Norwich domestic violence charity sets up new service

Dan GrimmerA Norwich charity committed to supporting survivors of sexual and domestic violence is introducing a new service aimed at people with mental health problems and ethnic minorities.Dan Grimmer

A city charity committed to supporting survivors of sexual and domestic violence is introducing a new service aimed at people with mental health problems and ethnic minorities.

Sexual Violence Alliance (SeVA) has already started the one-year diversity project, which is funded by the Equality Human Rights Commission, in Great Yarmouth and it will soon be opened in Norwich and Thetford.

SeVA aims to support and empower men and women who have been affected by domestic violence and sexual abuse and the new project reaches out to two priority groups who can sometimes miss out.

The charity, based in Thorpe Road, has been operating for more than 20 years providing a helpline, counselling and individual support for men and women survivors of sexual abuse, past and present and it incorporates two other charities; Norwich Rape Crisis and MPower.


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Some of the work the charity carries out involves counselling people whose lives have spiralled out of control for years because they were unable to face up to abuse they suffered in the past.

Alessia Pinna is a project manager for SeVa. She said over the year of the project she wants to increase services for individuals, particularly those who suffer inequality and disadvantage.

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'We want to give them choice, control and empowerment over their own lives in relation to social care, health, housing, education, employment and business advice.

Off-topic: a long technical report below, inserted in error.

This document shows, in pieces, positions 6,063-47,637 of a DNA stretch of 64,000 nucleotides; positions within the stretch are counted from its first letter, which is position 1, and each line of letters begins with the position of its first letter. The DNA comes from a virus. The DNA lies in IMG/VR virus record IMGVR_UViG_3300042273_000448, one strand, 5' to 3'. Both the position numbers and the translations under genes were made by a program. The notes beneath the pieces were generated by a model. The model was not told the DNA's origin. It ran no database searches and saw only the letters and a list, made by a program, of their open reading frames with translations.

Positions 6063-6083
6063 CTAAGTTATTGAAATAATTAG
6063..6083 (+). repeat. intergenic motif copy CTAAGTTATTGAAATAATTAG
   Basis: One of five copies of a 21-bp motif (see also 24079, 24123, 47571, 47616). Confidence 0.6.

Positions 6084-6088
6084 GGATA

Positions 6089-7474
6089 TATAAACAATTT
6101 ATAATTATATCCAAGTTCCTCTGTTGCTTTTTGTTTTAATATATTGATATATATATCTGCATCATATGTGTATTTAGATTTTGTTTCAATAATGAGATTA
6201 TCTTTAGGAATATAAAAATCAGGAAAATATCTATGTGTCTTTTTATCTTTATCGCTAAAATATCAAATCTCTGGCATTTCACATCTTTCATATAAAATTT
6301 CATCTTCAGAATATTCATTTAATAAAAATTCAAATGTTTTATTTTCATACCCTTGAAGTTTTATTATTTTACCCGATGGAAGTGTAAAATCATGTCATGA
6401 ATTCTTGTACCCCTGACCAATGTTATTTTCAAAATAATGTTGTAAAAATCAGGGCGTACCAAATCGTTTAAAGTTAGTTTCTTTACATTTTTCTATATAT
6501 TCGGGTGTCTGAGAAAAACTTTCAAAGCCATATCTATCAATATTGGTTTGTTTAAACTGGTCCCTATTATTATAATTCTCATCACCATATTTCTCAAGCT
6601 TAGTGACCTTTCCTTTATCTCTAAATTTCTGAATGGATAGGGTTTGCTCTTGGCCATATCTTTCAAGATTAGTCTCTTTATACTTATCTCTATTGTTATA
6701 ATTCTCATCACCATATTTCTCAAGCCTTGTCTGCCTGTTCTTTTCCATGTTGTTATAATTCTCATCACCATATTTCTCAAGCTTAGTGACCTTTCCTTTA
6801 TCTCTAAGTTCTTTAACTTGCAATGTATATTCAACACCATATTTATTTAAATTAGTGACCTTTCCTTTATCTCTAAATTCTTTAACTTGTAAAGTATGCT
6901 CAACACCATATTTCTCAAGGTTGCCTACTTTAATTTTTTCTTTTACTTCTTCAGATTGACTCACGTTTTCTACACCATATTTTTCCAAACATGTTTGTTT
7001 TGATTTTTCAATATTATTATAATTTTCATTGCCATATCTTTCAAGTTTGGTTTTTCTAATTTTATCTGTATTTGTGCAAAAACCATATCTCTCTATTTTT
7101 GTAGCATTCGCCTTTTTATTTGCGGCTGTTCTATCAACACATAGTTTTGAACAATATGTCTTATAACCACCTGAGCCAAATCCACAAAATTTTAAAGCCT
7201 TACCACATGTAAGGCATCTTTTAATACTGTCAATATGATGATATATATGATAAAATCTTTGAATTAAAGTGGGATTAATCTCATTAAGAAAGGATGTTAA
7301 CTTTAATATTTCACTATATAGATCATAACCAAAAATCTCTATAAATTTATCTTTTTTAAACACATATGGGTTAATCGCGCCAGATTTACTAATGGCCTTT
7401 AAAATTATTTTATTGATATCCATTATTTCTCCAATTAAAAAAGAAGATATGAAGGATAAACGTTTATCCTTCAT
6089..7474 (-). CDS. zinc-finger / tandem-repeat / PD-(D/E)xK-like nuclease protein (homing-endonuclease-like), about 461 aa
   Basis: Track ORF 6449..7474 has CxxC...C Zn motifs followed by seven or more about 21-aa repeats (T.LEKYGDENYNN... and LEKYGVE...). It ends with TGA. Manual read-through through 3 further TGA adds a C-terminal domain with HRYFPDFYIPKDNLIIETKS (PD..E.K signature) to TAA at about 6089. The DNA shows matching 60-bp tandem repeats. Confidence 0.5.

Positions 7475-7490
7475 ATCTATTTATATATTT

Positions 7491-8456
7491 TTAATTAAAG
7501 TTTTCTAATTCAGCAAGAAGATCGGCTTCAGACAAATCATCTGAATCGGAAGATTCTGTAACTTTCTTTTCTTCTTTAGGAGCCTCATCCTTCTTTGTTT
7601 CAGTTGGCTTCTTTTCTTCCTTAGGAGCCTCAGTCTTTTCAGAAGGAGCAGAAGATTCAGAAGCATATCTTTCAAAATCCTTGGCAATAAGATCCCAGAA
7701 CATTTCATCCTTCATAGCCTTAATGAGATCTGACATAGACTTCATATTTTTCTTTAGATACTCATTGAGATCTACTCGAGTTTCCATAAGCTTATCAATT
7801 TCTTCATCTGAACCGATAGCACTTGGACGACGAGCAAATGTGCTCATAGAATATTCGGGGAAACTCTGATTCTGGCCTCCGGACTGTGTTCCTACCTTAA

'We aim to reach all diversity groups, in particular BME (black and minority ethnic) and people with mental health problems or issues.'

In relation to BME the charity will be focusing especially on Portugese, Lithuanian and Polish communities as they are the biggest among ethnic minority groups.

The new service emerged following a study by SeVA which a lack of specialised third sector services, particularly in Great Yarmouth and Thetford, for people suffering from mental health problems across cultures, and the consequential effect of loss of confidence, isolation and depression.

Ms Pinna added: 'For this reason diversity project aims to develop a network of counselling and support services for survivors of sexual violence giving a priority to BME people and mental health sufferers.

'Therefore SeVA's services will be improved by developing localised approaches for our priority groups.'

SeVA is also looking for volunteers to work as counsellors, self help group facilitators and support workers as well as volunteers who are interested in developing the project with language, marketing or event related skills.

For details about volunteering email alessia@seva-uk.org

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